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Legal case

AI-Najar and others v The Cumberland Hotel (London) Limited

A hotel owner was not in breach of their duty of care

Executive summary

A hotel owner was not in breach of their duty of care for failing to prevent a theft and attack inflicted on their guests by a third party.

The facts

The Al-Najar family were staying at the Cumberland Hotel in 2014. In the early hours of the morning, Philip Spence walked into the hotel and gained access to one of the Al-Najar’s rooms, as a result of one of the family leaving their door ajar. He attacked several members of the family who tried to challenge him in the room, leaving one of them with a catastrophic brain injury for which Mr Spence was convicted and imprisoned for life.

The claimants brought a civil claim for damages against the defendant, contending that the hotel had failed to keep them and their property “reasonably safe”. Both sides adduced expert evidence in respect of security operations. It was confirmed in evidence that thefts at the hotel occurred, on average, once per week. All doors were fitted with locks, latch guards and viewing holes. Patrols were carried out a minimum of once every 24 hours, a frequency which increased post-accident. However, it also emerged in evidence that, prior to the relevant incident, the hotel’s security manager had recommended a card system to access the lifts. This had been rejected by management and only installed some time after the index accident, for unrelated reasons, although this did not appear to have reduced the number of thefts.  


Giving judgment, Mr Justice Dingemans found that, having invited guests to stay at the hotel, the defendant had assumed responsibility for them and therefore owed a duty to take reasonable care of those guests to protect them against injury caused by the criminal acts of third parties. Consequently, the occurrence of the very same criminal act could not be regarded as breaking the causal chain. He went on to say that it was reasonably foreseeable to the hotel that a third party may enter the hotel and injure a guest by way of criminal assault, such risk having been identified in training documentation albeit categorised as low risk.

Having determined that the defendant owed a duty of care, much of the judgment was taken up with determining whether the defendant had breached that duty. In this regard evidence of what systems other 4 star hotels operated was relevant albeit not determinative. Whilst the judge accepted some of the claimants’ submissions (the hotel had no overreaching security plan or single formal risk assessment, that on previous occasions a lobby officer had not been present at all times as required by the hotel’s policy, some CCTV cameras were inactive and there was no continuous monitoring of such cameras), he found there had been no breach of duty. In all the circumstances, in his opinion, the hotel took security seriously as a result of its security policies, training, detailed system for investigating incidents, monitoring security issues, having clear roles for security staff, and operating daily patrols.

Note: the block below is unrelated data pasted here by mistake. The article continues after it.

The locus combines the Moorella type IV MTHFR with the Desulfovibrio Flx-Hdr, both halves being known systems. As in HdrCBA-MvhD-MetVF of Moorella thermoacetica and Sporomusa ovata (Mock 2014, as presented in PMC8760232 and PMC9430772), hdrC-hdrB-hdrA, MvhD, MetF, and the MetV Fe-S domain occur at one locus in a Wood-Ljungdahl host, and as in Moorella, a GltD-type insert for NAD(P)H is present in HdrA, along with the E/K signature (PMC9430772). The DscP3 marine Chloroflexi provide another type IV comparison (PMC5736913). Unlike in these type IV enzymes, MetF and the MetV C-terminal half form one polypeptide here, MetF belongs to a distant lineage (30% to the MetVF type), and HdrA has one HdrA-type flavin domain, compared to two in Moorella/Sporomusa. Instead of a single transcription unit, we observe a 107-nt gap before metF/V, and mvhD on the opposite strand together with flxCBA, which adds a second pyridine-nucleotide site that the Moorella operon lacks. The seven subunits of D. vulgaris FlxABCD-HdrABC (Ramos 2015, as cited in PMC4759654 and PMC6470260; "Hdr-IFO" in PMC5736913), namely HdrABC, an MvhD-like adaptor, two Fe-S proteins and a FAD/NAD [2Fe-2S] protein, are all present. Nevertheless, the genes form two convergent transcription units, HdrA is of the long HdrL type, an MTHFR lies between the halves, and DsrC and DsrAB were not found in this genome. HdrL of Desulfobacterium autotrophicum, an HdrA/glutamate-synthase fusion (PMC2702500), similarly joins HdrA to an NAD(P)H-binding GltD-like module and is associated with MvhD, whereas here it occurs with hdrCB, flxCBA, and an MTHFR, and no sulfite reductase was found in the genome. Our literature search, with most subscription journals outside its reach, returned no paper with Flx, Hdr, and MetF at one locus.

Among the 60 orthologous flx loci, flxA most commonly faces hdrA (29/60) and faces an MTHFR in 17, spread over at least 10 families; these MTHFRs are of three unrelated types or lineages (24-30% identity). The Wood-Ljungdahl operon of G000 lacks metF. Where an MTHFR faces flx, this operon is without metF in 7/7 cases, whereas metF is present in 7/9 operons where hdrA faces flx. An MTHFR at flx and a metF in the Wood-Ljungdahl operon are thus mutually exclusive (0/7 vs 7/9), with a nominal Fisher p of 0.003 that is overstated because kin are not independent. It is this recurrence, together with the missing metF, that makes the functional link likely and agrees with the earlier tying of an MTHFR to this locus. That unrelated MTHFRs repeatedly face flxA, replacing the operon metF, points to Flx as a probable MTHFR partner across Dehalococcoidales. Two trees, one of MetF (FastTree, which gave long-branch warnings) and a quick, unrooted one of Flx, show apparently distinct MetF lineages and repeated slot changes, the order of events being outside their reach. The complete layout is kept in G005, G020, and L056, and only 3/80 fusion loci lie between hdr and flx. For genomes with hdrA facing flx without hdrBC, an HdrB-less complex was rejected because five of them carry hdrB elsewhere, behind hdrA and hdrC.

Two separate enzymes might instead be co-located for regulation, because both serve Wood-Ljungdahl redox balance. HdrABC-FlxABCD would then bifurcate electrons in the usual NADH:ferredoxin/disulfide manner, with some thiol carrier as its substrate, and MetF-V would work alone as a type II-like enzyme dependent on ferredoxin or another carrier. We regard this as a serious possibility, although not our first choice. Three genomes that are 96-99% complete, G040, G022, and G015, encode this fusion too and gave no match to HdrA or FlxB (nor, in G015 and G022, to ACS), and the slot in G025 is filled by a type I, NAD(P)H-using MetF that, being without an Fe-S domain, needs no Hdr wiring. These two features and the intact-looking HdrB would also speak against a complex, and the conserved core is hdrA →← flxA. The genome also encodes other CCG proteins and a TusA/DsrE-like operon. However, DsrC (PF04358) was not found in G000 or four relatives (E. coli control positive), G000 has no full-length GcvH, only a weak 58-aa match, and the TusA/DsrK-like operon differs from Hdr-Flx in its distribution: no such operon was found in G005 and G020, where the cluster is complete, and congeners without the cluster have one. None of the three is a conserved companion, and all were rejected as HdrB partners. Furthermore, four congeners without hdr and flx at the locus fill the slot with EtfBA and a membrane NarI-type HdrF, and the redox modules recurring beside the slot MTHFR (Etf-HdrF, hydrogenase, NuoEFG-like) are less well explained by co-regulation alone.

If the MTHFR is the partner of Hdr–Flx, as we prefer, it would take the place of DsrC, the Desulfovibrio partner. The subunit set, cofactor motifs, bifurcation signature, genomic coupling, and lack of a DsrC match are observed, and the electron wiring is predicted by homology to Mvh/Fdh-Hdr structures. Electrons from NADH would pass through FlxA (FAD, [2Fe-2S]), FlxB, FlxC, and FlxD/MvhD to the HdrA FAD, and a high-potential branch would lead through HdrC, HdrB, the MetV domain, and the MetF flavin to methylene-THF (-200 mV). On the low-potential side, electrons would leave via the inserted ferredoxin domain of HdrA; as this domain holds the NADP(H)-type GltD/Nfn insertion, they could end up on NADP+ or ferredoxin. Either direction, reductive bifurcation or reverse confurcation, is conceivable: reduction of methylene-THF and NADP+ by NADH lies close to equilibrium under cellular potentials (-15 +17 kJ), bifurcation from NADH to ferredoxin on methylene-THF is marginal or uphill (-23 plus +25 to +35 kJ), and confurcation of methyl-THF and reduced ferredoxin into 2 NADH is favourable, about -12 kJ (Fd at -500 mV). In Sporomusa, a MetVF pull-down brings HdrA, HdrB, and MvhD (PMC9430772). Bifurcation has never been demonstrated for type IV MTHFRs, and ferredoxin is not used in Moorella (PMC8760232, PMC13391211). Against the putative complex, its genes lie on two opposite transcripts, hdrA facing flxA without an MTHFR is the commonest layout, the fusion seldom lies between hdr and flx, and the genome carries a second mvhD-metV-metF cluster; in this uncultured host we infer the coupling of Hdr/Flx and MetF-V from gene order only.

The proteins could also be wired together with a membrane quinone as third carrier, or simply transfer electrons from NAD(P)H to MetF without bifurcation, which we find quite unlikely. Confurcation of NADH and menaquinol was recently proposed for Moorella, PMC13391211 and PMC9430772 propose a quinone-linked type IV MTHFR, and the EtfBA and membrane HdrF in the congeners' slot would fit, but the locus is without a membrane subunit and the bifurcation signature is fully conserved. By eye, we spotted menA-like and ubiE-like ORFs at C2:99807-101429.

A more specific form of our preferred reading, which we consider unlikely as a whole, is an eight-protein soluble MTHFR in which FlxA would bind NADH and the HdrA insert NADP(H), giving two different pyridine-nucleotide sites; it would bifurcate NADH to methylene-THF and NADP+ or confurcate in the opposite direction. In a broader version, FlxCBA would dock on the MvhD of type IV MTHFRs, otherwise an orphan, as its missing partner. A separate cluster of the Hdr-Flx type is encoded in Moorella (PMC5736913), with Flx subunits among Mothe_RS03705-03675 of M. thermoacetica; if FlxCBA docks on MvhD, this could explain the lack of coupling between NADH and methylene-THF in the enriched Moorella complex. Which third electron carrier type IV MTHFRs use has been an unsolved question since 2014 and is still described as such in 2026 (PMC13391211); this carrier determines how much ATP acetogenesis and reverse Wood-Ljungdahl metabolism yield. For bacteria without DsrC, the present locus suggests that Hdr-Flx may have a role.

By limiting hotel access to a single entrance after 11pm, employing a lobby officer and other staff, having CCTV coverage, self-locking bedroom doors and training housekeeping and other staff to challenge unfamiliar persons on guest floors, the hotel had taken reasonable care to protect its guests.

Given the low risk, in line with other hotels, there was no requirement to continuously monitor the CCTV, have cameras in lifts or on fire escapes, formally patrol more than once per day, install alarms on bedroom doors or implement key card access to lifts. Indeed the judge acknowledged that some of these measures could give rise to other impracticalities or be ineffective in any event. In the judge’s opinion, the need to keep bedroom doors locked was obvious and therefore there was no duty to remind guests to do so. Similarly, there was no requirement to have lobby staff greet every guest entering the hotel, particularly as such staff had the whole lobby to administer.

In Mr Justice Dingeman’s opinion, more frequent patrols and more lobby staff would not have prevented the attack on the balance of probabilities, and whilst door alarms, or a requirement to greet every visitor would have prevented the attack, he conceded that “the reality is that in most cases it will always be possible to identify something which would probably have prevented an attack, such as security arches….. although it was not contended that the duty to act reasonably extended to requiring the erection of such”. In such circumstances, the defendants had done enough to constitute reasonable care and the claimants’ claims failed.


Clearly this was a tragic case for the claimants. Given some of the gaps in process or procedure by the hotel, as well as the changes implemented post-incident, and the finding that some relatively simple measures could have prevented the attack, the decision was perhaps not a foregone conclusion. However the pragmatic and realistic judgment is a welcome one for hotel operators and their insurers in re-asserting that the duty of care is not an absolute one. The “unpredictability of criminal behaviour” implies that, if so minded, a criminal could circumvent whatever procedures were put in place to deter criminals and hence there is only so much a hotel could or should do. Arguably stringent security measures or limiting access to guests would be contrary to the welcoming ambience of a hotel in any event. Highlighting the obvious nature of the risk in leaving bedroom doors ajar, suggesting the onus on personal responsibility to keep doors locked, is to be welcomed as far as the hospitality sector, and those who insure hotels, are concerned.

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